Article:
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How to detect live ac-mains lines

20 Mar 2015  | Raju R Baddi

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You can employ a simple battery-powered circuit to detect whether an ac-mains wire is live without making any electrical contact with it. The circuit uses a CD4011 NAND gate's high input impedance to sense a magnetic field from a 50- or 60Hz ac-mains line. You simply bring the detector coil near the socket to see whether it has a proper ac connection. If it does, then the LED will illuminate (figure 1).


Figure 1: A battery-powered live wire detector lights an LED in the presence of a field..


The detector in this case is a coil of copper wire. When you place it near a live wire carrying ac current, the coil develops a voltage across the CD4011 at pins 1 and 2. This voltage produces square waves at the output of the gate, driving the LED active. In the absence of any hot ac wire near the detector plate, the 1N4148 diode connected to the first gate's inputs keeps the gate biased. This bias ensures that, under normal conditions, the final output from the gates is low, keeping the LED off.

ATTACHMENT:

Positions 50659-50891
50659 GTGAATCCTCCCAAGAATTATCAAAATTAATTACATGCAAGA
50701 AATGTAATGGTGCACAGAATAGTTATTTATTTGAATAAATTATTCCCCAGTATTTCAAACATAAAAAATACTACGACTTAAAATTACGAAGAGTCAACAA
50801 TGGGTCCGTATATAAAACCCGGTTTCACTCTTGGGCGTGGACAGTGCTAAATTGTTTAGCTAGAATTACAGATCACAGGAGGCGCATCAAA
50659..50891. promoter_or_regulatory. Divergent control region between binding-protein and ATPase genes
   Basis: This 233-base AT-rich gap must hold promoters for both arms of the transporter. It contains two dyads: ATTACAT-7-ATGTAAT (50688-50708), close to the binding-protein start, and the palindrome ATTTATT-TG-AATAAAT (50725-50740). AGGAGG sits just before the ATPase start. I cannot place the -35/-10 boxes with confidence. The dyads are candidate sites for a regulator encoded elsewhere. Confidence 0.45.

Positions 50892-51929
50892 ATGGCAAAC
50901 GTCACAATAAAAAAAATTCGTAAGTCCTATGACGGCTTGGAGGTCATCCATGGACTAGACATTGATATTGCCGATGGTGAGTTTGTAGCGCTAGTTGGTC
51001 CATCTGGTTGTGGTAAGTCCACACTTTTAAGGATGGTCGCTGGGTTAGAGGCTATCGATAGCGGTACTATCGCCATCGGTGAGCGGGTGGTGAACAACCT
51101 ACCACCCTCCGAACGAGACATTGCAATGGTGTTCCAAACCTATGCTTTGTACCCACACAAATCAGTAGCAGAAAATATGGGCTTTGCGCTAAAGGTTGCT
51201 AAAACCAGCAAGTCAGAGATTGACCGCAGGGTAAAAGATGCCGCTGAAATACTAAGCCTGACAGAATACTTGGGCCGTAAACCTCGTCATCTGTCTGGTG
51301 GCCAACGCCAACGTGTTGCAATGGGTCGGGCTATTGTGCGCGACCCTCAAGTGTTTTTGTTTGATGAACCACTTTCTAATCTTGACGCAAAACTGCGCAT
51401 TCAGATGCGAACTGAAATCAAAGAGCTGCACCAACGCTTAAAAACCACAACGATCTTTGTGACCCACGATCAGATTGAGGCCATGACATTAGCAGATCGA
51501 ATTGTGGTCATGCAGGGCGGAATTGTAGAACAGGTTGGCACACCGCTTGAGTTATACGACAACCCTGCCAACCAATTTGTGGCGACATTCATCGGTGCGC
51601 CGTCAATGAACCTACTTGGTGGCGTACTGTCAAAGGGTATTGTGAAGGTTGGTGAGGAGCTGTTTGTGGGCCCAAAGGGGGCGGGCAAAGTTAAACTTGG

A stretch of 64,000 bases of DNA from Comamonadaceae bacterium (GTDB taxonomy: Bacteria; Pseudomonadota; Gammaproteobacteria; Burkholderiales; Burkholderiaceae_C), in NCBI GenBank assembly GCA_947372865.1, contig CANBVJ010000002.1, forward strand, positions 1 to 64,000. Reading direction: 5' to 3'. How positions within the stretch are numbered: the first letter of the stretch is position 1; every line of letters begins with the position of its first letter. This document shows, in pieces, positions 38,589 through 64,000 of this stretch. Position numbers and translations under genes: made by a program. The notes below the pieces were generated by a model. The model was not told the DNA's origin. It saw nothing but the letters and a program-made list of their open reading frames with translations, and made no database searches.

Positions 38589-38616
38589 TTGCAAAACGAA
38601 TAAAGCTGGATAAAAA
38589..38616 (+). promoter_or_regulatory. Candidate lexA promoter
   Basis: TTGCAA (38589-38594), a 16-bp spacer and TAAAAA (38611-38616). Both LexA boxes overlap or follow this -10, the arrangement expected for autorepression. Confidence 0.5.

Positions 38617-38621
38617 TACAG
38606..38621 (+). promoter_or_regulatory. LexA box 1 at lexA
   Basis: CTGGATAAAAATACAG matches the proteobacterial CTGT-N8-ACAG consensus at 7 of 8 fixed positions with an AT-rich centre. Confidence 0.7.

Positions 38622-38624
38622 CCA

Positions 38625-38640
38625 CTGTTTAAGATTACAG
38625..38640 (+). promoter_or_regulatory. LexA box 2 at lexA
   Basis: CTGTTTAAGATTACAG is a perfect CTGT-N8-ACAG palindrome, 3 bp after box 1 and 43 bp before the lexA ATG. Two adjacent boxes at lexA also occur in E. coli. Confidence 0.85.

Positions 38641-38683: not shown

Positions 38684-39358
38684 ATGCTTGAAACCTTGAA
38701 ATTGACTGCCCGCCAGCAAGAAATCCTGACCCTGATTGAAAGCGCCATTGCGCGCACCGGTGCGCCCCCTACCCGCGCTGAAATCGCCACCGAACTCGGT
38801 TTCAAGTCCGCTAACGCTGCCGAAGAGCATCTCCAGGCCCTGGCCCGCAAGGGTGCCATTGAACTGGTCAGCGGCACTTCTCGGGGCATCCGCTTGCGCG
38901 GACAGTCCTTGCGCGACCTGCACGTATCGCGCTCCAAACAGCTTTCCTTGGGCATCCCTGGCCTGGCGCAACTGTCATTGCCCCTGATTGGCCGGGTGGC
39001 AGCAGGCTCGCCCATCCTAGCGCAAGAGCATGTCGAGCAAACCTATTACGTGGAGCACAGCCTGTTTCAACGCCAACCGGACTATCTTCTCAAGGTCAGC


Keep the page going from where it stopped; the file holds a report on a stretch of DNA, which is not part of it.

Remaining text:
Placing the detector plate close to a live wire sets up an oscillating voltage at the gate's input at pins 1 and 2. That voltage produces square waves corresponding to the ac-mains frequency. The remaining three gates of CD4011 connect in parallel, which increases the current through the LED enough to light it.


Figure 2: The circuit can fit into an empty tube of glue. Be sure to varnish the coil for best performance..


A rechargeable, 3.6V nickel-cadmium battery powers the circuit. You can assemble the detector into a convenient, pocket-sized glue-stick tube (figure 2). The circuit consumes nearly no power when the indicator LED is off. Thus, you can also power the circuit using lithium cells, such as the popular CR2032.


About the author
Raju R Baddi is with Raman Research Institute in Bangalore, India.


This article is a Design Idea selected for re-publication by the editors. It was first published on November 4, 2010 in EDN.com.




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